We were saddened to learn of the passing of Danny Wingate of Elk Creek, Grayson County.
Danny was a lifelong practitioner of many mountain crafts, such as wood tool making, axe-split shingle making, leatherwork, and green woodworking. He shared his expertise with others through his demonstrations at the Blue Ridge Folklife Festival, where he demonstrated blacksmithing at the very first festival in 1973, and the Smithsonian Folklife Festival in 2004, with his wife Cleavie who demonstrated in the Heart of Appalachia Foodways area. In 2014, he apprenticed Sam Linkous in traditional building methods, specifically greenwood joinery. In 2020, Danny joined Virginia Folklife at our REAL FOLK exhibition opening at the Birthplace of Country Music Museum. We send our respects to Danny’s family and friends, and are grateful for the wisdom he shared with us and others.
“We’re losing an encyclopedia” said Roddy Moore, Director Emeritus of the Blue Ridge Institute & Museum of Danny. He said Danny was a voracious reader, especially books on 19th- and early 20th-century technology. His interests were “broad and deep,” according to Roddy. “But he was also one of those people spent a lot of time talking to the older people in the community about folkways.”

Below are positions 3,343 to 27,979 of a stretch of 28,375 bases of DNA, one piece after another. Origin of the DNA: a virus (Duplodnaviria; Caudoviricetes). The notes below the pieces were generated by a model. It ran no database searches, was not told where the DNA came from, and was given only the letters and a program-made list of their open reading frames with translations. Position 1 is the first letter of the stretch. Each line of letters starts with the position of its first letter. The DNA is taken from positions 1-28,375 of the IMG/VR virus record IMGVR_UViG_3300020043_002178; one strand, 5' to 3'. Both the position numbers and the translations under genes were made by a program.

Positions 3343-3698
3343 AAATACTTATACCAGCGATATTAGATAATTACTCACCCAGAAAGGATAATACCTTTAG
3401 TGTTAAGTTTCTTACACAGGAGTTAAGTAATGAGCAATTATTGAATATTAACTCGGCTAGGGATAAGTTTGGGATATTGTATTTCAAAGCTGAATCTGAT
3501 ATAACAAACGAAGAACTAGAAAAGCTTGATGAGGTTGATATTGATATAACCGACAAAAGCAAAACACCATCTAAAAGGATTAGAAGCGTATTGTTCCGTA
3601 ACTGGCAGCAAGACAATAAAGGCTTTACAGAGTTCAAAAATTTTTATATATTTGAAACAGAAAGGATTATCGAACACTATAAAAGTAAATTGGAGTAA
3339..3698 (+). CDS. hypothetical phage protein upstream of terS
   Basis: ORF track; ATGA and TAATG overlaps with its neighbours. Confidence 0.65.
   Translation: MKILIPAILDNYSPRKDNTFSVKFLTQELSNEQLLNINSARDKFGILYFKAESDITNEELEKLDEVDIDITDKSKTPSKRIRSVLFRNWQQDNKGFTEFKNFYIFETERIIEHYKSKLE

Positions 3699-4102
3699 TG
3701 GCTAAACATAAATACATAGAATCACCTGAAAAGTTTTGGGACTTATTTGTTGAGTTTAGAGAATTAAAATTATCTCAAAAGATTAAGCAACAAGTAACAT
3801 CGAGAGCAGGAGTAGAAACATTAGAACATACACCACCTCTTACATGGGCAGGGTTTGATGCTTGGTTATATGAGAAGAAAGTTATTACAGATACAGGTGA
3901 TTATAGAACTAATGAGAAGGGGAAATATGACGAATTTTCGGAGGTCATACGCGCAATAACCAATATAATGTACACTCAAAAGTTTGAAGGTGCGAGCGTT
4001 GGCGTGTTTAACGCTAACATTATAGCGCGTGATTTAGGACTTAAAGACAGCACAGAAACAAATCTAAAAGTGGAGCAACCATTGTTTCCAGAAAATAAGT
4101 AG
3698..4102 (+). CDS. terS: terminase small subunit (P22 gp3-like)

“Along with his dear wife Clevie, Danny was a treasured participant in many facets of the Folklife Program,” said former Director of the Virginia Folklife Program Jon Lohman. “His myriad skills were only matched by his lifelong dedication to sustaining the mountain crafts and building arts and sharing them generously. We are so grateful for our time with him and he will be missed.”
In addition to splitting shingles, working leather, and building replicas of historical cannons, Danny had a hand in movie making, wrangling livestock for films like Last of the Mohicans and even appearing in a scene in For Richer or Poorer starring Tim Allen. He had to shave his beard for the role, which Roddy had never seen before then. “That smile was always there,” remembered Roddy.
He is survived by his loving wife, Cleavie, his sisters Barbara Kisley, Suzanne Wingate and Geneva Louise Howard, and nieces and nephews. More information can be found in his obituary here.